There are six IFN-free DAA regimens that are available for PBS prescription for the treatment of Gt 1 HCV in people who are treatment-naive:
- sofosbuvir + velpatasvir
- glecaprevir + pibrentasvir
- elbasvir + grazoprevir
- sofosbuvir + ledipasvir
- sofosbuvir + daclatasvir ± ribavirin
- paritaprevir (ritonavir-boosted) + ombitasvir + dasabuvir ± ribavirin
These six well tolerated regimens have efficacy ≥ 95% across all patient groups.
As noted above, the combination of sofosbuvir plus velpatasvir is a safe and effective treatment for Gt 1 HCV (Sofosbuvir plus velpatasvir and Tables 3 and 4). The recommended treatment duration is 12 weeks for all patients. Cure rates > 95% were observed in clinical trials. Short treatment duration (8 weeks) was not evaluated in registration studies and cannot be recommended.
The combination of glecaprevir plus pibrentasvir is a safe and effective treatment for Gt 1 HCV (Glecaprevir plus pibrentasvir and Tables 3 and 4). The recommended treatment duration is 8 weeks for people with no cirrhosis and 12 weeks for people with cirrhosis. Cure rates > 95% were observed in clinical trials.
The combination of elbasvir plus grazoprevir with or without ribavirin is another regimen available under the PBS for the treatment of Gt 1 HCV. Elbasvir and grazoprevir have been coformulated into a once-daily, single-pill regimen. The recommended treatment regimen differs according to Gt 1 subtype (Tables 3 and 4). All people with Gt 1b HCV infection should be treated with elbasvir plus grazoprevir for 12 weeks. For Gt 1a HCV, treatment regimen varies according to treatment history.[38,39] In people who are treatment-naive, as well as people who have previously relapsed after dual therapy with pegIFN and ribavirin or triple therapy with pegIFN and ribavirin plus boceprevir, simeprevir or telaprevir, the recommended treatment regimen is elbasvir plus grazoprevir for 12 weeks. In people who have previously experienced on-treatment failure during dual therapy with pegIFN and ribavirin or triple therapy with pegIFN and ribavirin plus boceprevir, simeprevir or telaprevir (partial responders and non-responders), the recommended regimen is elbasvir plus grazoprevir plus ribavirin for 16 weeks (see People with Gt 1 HCV who did not respond to treatment with peginterferon-alfa plus ribavirin, with or without a protease inhibitor and Table 4).  Overall SVR rates ≥ 95% were observed in Phase III studies using the recommended treatment regimens.[38-40]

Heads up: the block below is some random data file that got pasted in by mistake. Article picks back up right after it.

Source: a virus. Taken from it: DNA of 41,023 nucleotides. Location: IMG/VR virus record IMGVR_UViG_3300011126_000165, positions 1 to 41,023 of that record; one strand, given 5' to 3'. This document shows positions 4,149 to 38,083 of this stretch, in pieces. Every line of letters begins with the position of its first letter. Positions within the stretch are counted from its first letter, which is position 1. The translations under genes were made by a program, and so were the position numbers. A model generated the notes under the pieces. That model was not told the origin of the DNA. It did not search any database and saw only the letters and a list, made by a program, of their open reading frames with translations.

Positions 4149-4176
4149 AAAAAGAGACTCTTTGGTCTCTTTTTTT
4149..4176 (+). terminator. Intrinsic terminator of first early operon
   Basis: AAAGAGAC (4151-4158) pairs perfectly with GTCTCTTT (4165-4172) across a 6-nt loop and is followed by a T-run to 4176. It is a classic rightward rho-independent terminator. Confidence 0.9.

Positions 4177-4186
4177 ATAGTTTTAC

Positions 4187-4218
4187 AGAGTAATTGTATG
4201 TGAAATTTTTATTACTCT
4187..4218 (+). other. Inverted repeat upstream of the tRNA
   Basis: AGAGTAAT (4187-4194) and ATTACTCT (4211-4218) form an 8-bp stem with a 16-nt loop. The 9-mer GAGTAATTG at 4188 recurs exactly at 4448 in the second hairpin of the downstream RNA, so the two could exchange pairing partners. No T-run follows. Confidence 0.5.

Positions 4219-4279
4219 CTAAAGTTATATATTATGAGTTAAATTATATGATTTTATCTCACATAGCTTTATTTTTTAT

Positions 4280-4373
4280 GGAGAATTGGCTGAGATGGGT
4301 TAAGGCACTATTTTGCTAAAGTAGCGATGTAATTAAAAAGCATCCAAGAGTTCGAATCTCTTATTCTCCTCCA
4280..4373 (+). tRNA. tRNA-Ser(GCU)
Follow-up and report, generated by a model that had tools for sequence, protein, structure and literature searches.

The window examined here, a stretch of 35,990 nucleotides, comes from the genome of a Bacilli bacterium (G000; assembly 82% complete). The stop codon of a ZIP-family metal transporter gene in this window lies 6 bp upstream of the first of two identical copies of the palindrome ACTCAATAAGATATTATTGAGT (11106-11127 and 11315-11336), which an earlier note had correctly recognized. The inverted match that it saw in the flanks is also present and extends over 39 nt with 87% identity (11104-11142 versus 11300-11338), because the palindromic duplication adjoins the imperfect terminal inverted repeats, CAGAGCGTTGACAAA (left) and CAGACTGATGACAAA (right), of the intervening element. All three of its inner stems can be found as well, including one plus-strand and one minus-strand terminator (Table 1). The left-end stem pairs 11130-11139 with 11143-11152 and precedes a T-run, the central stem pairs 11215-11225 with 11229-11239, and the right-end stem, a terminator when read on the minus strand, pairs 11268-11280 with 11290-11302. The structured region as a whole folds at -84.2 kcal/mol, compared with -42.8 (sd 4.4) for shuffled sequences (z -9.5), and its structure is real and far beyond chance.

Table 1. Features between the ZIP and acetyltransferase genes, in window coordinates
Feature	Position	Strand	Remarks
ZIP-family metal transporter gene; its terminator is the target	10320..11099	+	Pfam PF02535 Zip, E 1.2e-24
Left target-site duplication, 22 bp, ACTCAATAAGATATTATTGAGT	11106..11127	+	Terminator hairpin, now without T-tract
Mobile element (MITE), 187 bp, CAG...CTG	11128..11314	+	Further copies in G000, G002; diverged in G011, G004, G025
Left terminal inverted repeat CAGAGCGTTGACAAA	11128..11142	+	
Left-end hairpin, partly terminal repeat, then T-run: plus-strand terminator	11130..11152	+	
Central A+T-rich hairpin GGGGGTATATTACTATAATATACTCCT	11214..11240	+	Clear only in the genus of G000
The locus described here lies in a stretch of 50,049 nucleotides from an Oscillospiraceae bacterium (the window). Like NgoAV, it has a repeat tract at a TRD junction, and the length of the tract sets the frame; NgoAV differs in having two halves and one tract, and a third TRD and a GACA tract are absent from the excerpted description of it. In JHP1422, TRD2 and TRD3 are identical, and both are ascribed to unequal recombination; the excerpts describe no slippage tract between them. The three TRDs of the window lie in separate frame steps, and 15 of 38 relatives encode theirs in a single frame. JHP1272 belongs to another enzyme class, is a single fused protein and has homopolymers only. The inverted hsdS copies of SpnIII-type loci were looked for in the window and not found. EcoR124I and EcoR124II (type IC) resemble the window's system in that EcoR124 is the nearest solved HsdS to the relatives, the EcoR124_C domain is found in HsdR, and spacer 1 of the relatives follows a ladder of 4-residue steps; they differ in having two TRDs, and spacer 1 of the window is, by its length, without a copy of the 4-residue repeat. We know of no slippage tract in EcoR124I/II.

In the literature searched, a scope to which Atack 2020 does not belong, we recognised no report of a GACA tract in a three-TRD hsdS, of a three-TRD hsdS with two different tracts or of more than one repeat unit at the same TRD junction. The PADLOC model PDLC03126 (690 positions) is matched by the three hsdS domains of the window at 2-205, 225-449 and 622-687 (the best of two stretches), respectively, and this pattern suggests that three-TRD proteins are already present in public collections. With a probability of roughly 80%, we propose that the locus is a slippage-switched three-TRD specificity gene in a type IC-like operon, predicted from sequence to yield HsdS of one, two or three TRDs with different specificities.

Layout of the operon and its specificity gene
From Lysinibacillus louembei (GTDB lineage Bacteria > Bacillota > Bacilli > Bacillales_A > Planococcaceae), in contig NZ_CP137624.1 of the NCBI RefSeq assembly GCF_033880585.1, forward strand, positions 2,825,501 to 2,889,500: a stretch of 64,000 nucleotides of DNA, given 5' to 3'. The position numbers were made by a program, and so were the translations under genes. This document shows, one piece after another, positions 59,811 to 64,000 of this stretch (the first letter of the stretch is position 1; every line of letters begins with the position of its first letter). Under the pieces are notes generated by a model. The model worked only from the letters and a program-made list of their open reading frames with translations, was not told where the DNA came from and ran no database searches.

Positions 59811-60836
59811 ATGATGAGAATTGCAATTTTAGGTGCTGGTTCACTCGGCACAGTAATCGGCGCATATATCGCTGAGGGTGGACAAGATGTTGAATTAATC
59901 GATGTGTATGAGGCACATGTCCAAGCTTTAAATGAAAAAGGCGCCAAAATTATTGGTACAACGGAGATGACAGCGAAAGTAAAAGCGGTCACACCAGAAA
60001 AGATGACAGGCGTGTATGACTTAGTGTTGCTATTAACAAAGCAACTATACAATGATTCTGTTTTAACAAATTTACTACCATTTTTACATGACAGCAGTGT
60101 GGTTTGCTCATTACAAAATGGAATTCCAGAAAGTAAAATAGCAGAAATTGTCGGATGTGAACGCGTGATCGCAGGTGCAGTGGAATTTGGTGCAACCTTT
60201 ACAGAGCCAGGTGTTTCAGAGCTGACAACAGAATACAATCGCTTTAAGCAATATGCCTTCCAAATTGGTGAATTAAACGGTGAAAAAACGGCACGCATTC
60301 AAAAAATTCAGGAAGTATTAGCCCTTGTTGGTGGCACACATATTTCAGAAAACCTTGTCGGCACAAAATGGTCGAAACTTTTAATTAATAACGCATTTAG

The regimen should be used with caution in people with compensated cirrhosis and is contraindicated in patients with decompensated cirrhosis and/or a history of liver decompensation. Exposure to all protease inhibitors on the market is increased in the setting of hepatic impairment, and caution is recommended because of the possibility of drug-induced liver injury.